#117
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  18. humbleThC

    humbleThC Member

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    They're sooo cheap :) I got mine via eBay 'make me an offer' for $225.00
    36 Ports @ $225 = $6.27 / port!!

    Got the dual port 40Gb QDR PCIe 2.0 x8 adapters for $38 ea, and the 5 and 7' meter cables for $15ea
    Its like $68 per dual 40Gb ports for NIC+Cables

    so like $80 per host for dual 40Gb raw IB (which is very much like serial port/protocol) until you bind stuff on top of it. Driver/protocol support is limiting, (especially when you use the CX2 stuff from 5yr+ ago) but i'm still determined to find a way to make it work :)

    I could never find a the Mellanox Fabric Manager GUI, but i did manage to get it setup very basic via null modem serial cable, and then manage it via telnet. All you really have to do is setup the mgmt IP, and then SCP to the switch to create this partition.conf file. (Kinda like VLANs) I used a basic template that gave me like default ALL, plus 8 unique partitions.

    So far on OmniOS i'm just using partition FFFF which is like VLAN0 (default/ALL/non-VLAN)
    Which is likely why my SRP targets are cross-connecting.
    2 Initiators - 2 Targets - 1 LUN - 4 Paths (should technically be 2 for iSCSI proper MPIO)
    I'm 'ghetto' fixing it by just disabling the paths in ESX for now :)

    Which is why when people say IB is dead, go 10GbE, I refuse to listen. Good 10GbE copper dual port cards are expense. Good 10GbE copper managed switches are expensive. 56Gb/112Gb Infiniband is 'current' and in today's 'storage world' it's all about that cluster interconnect. So i'm looking for which storage OS's support them now and in the future.

    If the story was we support the CX3/4 but not the CX2 i'd understand. (like some modern OS). But to say IB is dead is sad. Because FC is dying, iSCSI never was worth a lick, NVMe is PCI based. I have seen beta-products for high speed NVMe fabrics. I've also seen FC vendors trying to encapsulate NVMe and switch it. But line speeds of 16Gbs and 32Gbs with protocols inside protocols isn't going to be the solution.
     
    #118
    Last edited: Jan 15, 2017
  19. mpogr

    mpogr Member

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    OK, so I blew my previous 2 x Intel S3610 480GB (RAID1) array and recreated it with blocksize=32K (instead of the default 8k). Also, I increased the ARC size to 24GB (I reckon the OS will be fine with the remaining 8GB). Now it looks truly insane:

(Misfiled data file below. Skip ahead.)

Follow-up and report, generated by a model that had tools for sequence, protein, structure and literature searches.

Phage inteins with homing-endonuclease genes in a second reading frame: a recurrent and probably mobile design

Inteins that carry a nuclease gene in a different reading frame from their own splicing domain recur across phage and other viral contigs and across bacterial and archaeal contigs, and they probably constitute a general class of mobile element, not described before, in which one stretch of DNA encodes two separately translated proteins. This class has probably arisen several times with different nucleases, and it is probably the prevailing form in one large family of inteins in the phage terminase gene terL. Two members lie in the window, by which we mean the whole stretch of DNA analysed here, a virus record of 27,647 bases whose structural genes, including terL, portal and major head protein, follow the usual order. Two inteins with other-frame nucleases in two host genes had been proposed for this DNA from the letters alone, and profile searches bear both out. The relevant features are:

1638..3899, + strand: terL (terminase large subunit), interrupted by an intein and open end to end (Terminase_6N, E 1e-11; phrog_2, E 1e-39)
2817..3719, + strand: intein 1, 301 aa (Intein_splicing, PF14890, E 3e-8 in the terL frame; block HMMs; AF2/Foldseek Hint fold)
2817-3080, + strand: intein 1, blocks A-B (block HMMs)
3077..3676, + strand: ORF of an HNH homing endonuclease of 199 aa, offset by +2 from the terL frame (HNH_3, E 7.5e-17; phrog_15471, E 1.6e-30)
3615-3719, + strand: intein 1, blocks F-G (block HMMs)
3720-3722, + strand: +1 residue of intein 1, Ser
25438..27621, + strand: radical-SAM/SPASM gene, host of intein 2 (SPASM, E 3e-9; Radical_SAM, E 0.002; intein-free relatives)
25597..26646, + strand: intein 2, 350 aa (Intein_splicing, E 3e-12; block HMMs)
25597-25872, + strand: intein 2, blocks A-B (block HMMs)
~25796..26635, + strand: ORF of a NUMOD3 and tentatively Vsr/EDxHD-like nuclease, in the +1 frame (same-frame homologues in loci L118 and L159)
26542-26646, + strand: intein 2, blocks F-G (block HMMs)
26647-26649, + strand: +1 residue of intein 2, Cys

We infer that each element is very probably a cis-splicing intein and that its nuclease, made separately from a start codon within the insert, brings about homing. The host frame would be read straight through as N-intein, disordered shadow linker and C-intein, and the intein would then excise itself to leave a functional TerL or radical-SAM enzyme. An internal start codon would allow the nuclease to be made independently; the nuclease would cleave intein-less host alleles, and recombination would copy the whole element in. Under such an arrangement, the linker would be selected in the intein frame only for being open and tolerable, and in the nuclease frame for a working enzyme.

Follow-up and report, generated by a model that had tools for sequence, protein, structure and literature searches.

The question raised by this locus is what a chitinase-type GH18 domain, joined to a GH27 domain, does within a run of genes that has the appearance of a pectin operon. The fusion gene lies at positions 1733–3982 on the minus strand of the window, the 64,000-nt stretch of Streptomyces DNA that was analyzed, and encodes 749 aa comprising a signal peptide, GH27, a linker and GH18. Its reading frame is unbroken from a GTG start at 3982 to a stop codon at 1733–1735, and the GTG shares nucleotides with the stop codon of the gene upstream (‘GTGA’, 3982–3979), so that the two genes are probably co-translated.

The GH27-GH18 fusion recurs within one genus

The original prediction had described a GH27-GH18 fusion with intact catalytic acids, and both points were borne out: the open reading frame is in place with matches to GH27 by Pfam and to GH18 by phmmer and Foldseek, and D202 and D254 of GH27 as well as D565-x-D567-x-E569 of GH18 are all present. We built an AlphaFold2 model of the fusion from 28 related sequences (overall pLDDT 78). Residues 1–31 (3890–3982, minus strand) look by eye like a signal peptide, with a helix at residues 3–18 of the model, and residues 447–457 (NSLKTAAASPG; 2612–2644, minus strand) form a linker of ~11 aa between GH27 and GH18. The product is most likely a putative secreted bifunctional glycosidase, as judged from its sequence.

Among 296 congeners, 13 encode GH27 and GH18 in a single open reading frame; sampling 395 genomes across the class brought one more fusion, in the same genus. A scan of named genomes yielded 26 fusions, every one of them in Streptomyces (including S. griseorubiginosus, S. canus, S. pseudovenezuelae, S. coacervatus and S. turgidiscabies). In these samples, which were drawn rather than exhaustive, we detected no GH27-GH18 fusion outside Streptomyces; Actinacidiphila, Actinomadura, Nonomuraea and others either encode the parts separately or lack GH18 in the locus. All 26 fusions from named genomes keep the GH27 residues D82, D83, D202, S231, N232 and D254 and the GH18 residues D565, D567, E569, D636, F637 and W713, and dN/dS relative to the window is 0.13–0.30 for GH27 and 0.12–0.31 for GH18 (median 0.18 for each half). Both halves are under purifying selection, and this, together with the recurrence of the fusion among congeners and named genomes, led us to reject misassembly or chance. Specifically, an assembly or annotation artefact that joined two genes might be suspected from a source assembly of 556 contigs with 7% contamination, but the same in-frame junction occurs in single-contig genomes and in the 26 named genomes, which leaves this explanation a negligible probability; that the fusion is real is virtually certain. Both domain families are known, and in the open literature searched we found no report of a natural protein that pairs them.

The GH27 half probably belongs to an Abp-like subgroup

upload_2017-1-16_15-53-3.png

    With 4GB file, it looks like we're starting to hit the actual drives:

    upload_2017-1-16_16-4-53.png

    Now the same with sync=always and an S3610 120GB (underprovisioned to 16GB) as an SLOG:

    upload_2017-1-16_16-14-9.png

    And now without the SLOG:

    upload_2017-1-16_16-21-35.png

    Clearly, the SLOG helps, even on an SSD-only pool, especially for random writes. The biggest question is, whether it's worthwhile to stick to sync=always, given the performance penalty on one hand and possible risk to the data on the other hand.
     
    #119
  20. ttabbal

    ttabbal Active Member

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    The answer is, it depends. Do you have good backups and can you tolerate down time for restoring them? Note that write cache is limited to a few seconds in ZFS, and the pool/filesystem are not at risk. Just those few seconds of data.

    For a large enterprise database server, yes, sync=always. Then throw devices/money at it. For a home environment, I run sync off. It's all about risk/reward ratios. For me, the loss of a couple seconds of data is a non issue. And it hasn't happened in the years I've run ZFS anyway. But what's important to you is the question. The performance gain is worth the small risk to me.

    It's a bit like the people that run non-redundant arrays at home with backups. Sure, the whole thing dies if one disk does. But it's more flexible and performance is excellent. I'm in between. I want redundancy, but I will risk a little to get some of the speed back.

    If you turn sync off, don't bother with SLOG as it only affects sync writes. :)

    Nice thing is, you can choose per filesystem.
     
    #120